“My weekends are sweet! I leave work at noon on Friday, pick up the beer and head to a buddy’s house. Me and the guys spend the weekend there, watching sports, drinking beer, hanging out.”
My mind couldn’t help doing the math. Thirty-five cans of beer in 60 hours. Not too bad, if he didn’t sleep, maybe?
Before I could come up with a comment, our waiter came. “Are you ready to order?”
I handed him my menu. “I’d like the pasta primavera, please.”
Geoff set his menu on the table. “Antipasto and meatballs, as a meal.”
“Very good. Anything to drink?”
I had planned to have a glass of wine, but was suddenly conscious of all the carbs in my dinner. “Seltzer with lime, please.”
The waiter looked at Geoff, who finally said, “Better save the carbs for the weekend. Just water.”
Our waiter left, and I decided to turn the conversation to something we had in common. “I inherited my business a few months ago, and running it is a lot more difficult than I anticipated. A business degree might be useful, although it’s tough to squeeze in classes when you’re the only person running the shop as well.”
“What do you think?” I prompted him.
“When I finally inherit the nursery, I’m going to relax. My dad does a lot of the work himself. I’m going to hire people to do all the hard stuff, so I can chill out and rake in the money.”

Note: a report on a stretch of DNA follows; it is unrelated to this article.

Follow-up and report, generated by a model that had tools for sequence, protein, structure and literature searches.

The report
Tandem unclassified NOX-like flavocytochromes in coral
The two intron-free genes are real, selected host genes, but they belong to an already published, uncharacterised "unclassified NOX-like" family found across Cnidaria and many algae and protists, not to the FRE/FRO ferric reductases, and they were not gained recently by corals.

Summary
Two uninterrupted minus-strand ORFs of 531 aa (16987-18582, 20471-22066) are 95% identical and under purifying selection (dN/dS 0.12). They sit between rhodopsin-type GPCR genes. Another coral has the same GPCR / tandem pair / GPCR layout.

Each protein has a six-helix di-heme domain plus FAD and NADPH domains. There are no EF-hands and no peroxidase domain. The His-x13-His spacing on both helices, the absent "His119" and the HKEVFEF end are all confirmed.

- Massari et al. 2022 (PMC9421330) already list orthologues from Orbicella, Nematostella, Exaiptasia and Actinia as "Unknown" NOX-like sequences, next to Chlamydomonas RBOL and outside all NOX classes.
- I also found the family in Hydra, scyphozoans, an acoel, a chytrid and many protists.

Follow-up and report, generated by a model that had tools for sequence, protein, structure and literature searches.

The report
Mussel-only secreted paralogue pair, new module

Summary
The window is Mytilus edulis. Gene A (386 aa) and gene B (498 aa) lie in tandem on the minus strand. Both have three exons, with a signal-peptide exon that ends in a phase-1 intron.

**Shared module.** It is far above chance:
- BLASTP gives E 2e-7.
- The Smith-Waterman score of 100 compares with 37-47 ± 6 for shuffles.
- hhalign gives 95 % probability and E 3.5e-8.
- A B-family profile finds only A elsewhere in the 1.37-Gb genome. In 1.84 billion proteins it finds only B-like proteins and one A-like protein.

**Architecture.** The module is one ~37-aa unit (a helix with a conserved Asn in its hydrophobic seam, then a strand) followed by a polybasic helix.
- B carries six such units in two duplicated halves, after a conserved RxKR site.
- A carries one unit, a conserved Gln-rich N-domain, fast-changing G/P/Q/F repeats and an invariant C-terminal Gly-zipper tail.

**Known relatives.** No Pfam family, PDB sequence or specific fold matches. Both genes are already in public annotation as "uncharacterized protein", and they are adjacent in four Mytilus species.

“Do you have any siblings that can help you?”
He grinned. “Nope. I’m an only child. It’s great not to worry about splitting up the inheritance.”
“Does the business make enough that you can hire more people?” I asked.
He looked at me like he hadn’t considered that. “I don’t know. I guess if it doesn’t, I’ll sell more stuff. As for going to business school, I guess it might help. I didn’t actually learn too much. Like the guys in my fraternity said, it’s all about the connections, and as long as the GPA winds up at 2.0, they can’t refuse you your diploma.”
I looked around the restaurant, hoping to see a friend, an enemy, a fire in the kitchen, anything that could get me out of this date. Why hadn’t I set up an emergency call with Delia?
“You know, if you’re having problems with your business, I can come by and give you some advice.”